3 Uncomfortable Facts about Climate Change in the UK

Greta Thunberg, David Attenborough, Australian bushfires, MET Office figures announcing the last 10 years as the ‘warmest decade on record’…...

Greta Thunberg, David Attenborough, Australian bushfires, MET Office figures announcing the last 10 years as the ‘warmest decade on record’… You can’t switch on the television or the radio at the moment without being confronted by news reports on global warming, calls for environmental action or extreme weather despair. In 2019, the UK declared a climate emergency but how is global warming affecting us in Britain and what are some of the facts about climate change in the UK?

The UK is Getting Warmer

The UK’s 9 warmest years have all been recorded since 2002.

MET Office figures dating back to 1884 show that the UK is getting warmer. Many of us will have wished for long hot British summers but increasing temperatures across the country are set to have a detrimental effect on many of the things that we’ve come to rely on: infrastructure, commerce, health services and food production to name but a few. During June and July’s heatwave in 2018, almost 700 more deaths were recorded than average.

It’s not just the elderly that are vulnerable but those with heart and kidney problems, too. Here’s another fun fact for you: you’re more likely to have a car accident in the warmer months. By 2100 it’s expected that heatwaves could be as long as 50 days and top 40 degrees Celsius. Warmer summers in the UK might have us thinking of ice creams on the sea front or BBQ’s in the back garden but what about the millions living and working in urban areas? Urban heat island effect happens in built-up areas and is when the surface in urban areas – pavements, roads, roofs, building etc – absorb more heat than the natural ground covering you find in less developed areas in t grass, plants, soil and trees, for example. British buildings are far better at keeping heat in than letting it out. Increased temperatures will make living, working and commuting in urban areas almost unbearable.

The UK’s Fast Fashion Habit is Killing the Planet

The UK is the biggest European consumer of what’s known as ‘fast fashion’. We all know what fast food means but what does fast fashion mean? Fast fashion is mass-produced inexpensive clothing designed and made as quickly and as regularly as possibly in order to encourage consumers to buy new pieces.

The UK high street has been selling affordable clothing to customers for decades but fast fashion has a much quicker turnaround with seasonal collections frequently replaced with something new. But what does it have to do with climate change in the UK? The UK is the biggest consumer of fast fashion in Europe. More than two tons of clothing are bought each minute in the UK. According to Green Peace, each one of us buys 26.7kgs garments a year which is 10kgs more than countries like Germany and Sweden. Here’s something that might surprise you: The textile industry produces more greenhouse gas emissions than the shipping and aviation industries combined”. What? The report by Oxfam also found that: The emissions from all the new clothes bought in the UK each month are greater than those from flying a plane around the world 900 times. What? What? What? It’s far easier to imagine how airlines contribute to climate change but that new t-shirt in your wardrobe? What about all the ones you’ve never worn? What about all the outfits you’re binning? 11 million items end up in landfill each week.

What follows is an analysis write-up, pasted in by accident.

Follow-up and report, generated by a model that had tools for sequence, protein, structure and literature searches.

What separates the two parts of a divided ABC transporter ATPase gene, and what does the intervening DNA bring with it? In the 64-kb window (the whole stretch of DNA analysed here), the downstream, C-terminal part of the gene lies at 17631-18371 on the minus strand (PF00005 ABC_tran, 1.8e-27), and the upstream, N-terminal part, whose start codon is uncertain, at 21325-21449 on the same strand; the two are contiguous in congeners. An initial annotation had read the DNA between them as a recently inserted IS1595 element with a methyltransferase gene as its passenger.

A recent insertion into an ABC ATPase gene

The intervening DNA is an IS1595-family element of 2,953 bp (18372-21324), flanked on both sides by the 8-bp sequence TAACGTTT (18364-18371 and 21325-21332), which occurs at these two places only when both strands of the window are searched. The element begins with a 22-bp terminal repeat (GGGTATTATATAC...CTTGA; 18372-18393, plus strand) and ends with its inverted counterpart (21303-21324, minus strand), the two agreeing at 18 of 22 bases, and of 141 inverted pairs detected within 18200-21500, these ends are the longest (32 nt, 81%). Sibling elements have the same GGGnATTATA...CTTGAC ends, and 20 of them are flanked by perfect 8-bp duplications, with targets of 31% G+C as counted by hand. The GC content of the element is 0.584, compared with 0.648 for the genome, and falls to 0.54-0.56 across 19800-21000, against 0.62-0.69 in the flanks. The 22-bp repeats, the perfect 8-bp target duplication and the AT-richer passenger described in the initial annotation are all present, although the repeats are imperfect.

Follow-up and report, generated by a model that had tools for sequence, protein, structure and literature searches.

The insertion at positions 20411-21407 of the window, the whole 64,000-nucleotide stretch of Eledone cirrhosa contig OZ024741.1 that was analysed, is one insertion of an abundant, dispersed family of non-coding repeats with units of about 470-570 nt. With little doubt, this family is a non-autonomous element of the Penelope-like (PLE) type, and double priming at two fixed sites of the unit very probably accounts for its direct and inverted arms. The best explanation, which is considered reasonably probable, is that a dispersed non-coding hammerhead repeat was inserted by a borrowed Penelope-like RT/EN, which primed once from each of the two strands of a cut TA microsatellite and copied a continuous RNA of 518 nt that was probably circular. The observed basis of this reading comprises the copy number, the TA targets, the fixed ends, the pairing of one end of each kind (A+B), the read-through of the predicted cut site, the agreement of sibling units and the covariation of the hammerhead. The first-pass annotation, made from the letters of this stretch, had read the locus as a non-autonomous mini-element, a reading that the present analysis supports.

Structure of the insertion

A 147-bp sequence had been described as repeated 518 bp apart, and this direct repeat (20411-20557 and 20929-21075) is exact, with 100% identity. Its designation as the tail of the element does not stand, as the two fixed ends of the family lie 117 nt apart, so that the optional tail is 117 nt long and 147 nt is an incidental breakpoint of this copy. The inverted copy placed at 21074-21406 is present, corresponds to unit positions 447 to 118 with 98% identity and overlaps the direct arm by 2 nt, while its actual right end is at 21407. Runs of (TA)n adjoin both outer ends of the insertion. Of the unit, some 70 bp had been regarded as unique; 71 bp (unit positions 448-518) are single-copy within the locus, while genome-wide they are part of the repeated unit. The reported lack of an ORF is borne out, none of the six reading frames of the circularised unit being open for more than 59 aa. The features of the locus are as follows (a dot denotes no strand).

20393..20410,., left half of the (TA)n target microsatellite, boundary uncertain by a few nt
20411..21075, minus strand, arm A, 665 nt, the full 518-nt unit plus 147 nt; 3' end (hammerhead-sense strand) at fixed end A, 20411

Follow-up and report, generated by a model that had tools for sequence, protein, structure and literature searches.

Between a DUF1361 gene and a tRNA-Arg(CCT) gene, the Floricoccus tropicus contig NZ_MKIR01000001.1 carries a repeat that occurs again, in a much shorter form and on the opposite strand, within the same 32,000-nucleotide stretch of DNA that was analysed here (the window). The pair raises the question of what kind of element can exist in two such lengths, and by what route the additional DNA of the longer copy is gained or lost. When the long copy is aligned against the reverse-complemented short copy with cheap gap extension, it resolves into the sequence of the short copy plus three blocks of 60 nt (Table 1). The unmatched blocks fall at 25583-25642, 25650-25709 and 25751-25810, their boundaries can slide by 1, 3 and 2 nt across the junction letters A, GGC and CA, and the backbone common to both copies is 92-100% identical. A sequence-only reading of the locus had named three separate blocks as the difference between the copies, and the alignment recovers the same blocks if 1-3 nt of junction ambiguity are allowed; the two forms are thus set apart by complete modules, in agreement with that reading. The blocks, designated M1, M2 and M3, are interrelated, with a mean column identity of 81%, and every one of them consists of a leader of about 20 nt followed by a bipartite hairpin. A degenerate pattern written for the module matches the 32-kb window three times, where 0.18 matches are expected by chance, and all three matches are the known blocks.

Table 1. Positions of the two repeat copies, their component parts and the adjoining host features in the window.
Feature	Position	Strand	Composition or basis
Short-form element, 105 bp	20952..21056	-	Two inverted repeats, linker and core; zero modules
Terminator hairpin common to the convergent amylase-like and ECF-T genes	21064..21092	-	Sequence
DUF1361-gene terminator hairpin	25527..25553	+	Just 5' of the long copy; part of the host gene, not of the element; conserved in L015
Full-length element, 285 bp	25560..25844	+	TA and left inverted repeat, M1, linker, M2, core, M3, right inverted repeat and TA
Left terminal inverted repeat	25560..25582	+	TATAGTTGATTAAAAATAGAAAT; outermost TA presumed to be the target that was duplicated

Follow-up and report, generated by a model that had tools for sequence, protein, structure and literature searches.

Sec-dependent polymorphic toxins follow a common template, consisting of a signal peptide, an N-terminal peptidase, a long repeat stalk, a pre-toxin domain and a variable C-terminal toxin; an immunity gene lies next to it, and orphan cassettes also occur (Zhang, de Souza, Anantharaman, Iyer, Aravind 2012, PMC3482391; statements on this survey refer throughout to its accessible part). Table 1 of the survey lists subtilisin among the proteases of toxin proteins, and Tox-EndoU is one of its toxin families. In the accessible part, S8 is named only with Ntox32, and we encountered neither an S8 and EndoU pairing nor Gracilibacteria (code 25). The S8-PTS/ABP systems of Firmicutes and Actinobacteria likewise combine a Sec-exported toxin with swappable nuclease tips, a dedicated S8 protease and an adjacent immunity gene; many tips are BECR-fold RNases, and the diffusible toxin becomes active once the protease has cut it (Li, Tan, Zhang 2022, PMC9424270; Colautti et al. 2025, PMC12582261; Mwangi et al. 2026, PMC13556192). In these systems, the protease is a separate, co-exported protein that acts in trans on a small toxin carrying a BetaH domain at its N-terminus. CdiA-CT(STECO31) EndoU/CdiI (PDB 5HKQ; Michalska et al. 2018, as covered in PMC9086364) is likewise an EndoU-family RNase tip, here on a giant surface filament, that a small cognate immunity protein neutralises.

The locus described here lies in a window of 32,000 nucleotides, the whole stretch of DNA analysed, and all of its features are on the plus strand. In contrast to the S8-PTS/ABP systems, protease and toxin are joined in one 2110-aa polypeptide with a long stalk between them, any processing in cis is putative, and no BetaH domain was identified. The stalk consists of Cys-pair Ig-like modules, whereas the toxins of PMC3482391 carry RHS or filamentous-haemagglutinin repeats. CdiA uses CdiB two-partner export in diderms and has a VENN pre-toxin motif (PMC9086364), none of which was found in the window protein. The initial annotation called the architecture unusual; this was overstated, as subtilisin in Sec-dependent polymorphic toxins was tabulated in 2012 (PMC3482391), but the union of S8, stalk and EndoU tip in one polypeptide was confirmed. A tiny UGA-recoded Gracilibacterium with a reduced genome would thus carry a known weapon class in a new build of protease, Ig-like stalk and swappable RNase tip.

Warm Waters in the UK

The UK’s waters are now 1 degree warmer than a century ago. Good news for skinny dippers but not so good for fishing, marine life or seabirds. The impact could be further reaching than you think. Cod could completely disappear from UK waters within 30 years and be replaced by tuna and anchovies. The Telegraph wrote how the net value of the UK's fishing industry could drop by 10% before 2050. 

A major publication from the Marine Climate Change Impact Partnership (MCCIP) lays out some of the problems warming waters could case the UK. Along with a reduction of specific fish and bird species, the report suggests that increased coastal erosion will pose a threat to cultural heritage sites. It’s not just UK waters either.

Global seas and oceans are warmer than they’ve ever been. According to Lijing Cheng, lead author on one report into sea temperatures: "The amount of heat we have put in the world's oceans in the past 25 years equals to 3.6 billion Hiroshima atom-bomb explosions," More than 90% of trapped greenhouse gases have been absorbed by the sea. It’s an incredible but devastating example of what we’ve been doing to our sea water.

We’re already beginning to see the impact of climate change in the UK. Understanding that what we’re putting out into the environment and what we’re contributing with consumerism is the key to adopting new and less environmentally damaging ways of doing things.

At Energym, it’s at the heart of what we do: developing clean-energy technology to help gyms reduce their electricity bills and their carbon footprint. 

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